‘Sgt. Stubby,’ beloved WWI service dog, honored with bronze statue

The American Kennel Club’s Museum of the Dog unveiled a statue of “Sgt. Stubby,” considered by many to be the U.S. Army's first service dog. (Source: WPIX/Tribune/CNN)

NEW YORK (WPIX/CNN/Gray News) – A New York City museum paid tribute to a revered World War I combat canine.

The American Kennel Club’s Museum of the Dog on Thursday unveiled a life-size bronze statue of “Sgt. Stubby,” showing the bull terrier mix giving a salute.

Stubby is considered by many to have been the U.S. Army’s first service dog, the museum said.

More than a century ago, Stubby was the unofficial mascot of the 102nd Infantry Regiment during the war. He also saw his share of action.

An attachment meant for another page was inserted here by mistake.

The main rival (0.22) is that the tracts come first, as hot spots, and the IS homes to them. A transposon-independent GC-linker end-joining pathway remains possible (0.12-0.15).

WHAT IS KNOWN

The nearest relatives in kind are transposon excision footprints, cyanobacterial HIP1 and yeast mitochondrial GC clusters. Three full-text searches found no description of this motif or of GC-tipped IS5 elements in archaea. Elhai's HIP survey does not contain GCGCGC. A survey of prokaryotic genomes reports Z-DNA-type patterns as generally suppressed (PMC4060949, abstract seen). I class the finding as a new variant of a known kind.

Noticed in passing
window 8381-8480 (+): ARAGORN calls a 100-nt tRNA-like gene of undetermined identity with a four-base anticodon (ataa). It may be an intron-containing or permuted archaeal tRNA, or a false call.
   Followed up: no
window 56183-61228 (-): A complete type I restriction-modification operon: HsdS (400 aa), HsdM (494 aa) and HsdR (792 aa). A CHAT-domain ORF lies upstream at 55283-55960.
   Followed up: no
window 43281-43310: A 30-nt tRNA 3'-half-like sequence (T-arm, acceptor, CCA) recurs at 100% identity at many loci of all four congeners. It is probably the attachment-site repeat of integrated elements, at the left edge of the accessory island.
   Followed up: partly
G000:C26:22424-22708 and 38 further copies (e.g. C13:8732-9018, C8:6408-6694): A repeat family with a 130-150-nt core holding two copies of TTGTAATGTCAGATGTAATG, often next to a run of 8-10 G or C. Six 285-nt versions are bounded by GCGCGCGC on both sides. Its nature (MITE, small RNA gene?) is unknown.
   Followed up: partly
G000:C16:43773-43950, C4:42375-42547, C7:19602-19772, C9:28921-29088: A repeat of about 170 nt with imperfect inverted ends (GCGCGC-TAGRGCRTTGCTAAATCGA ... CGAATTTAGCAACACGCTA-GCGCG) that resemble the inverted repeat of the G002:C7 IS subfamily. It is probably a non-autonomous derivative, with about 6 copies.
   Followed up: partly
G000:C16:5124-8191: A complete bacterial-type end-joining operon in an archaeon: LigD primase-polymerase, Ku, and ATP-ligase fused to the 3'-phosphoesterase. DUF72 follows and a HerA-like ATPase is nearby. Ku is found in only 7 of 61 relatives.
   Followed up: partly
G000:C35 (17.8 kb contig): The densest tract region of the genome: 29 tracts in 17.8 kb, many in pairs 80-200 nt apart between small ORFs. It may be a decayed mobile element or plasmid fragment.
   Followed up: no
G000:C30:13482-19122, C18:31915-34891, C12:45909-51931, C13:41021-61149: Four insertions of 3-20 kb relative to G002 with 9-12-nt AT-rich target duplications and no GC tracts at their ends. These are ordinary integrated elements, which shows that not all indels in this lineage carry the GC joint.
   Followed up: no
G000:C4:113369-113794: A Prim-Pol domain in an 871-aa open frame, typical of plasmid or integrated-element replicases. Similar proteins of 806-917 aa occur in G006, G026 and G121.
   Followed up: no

The museum said Stubby served in France for 18 months and a total of 17 battles, suffering injuries by mustard gas and a grenade.

His courageous feats included: “warning his unit of looming mustard gas attacks, locating wounded soldiers on the battlefield and sitting beside them until help arrived, and capturing a German spy by grabbing at the seat of his pants.”

Gen. John J. Pershing eventually awarded him a medal for his bravery.

Stubby’s statue will be kept at the museum on a permanent basis.

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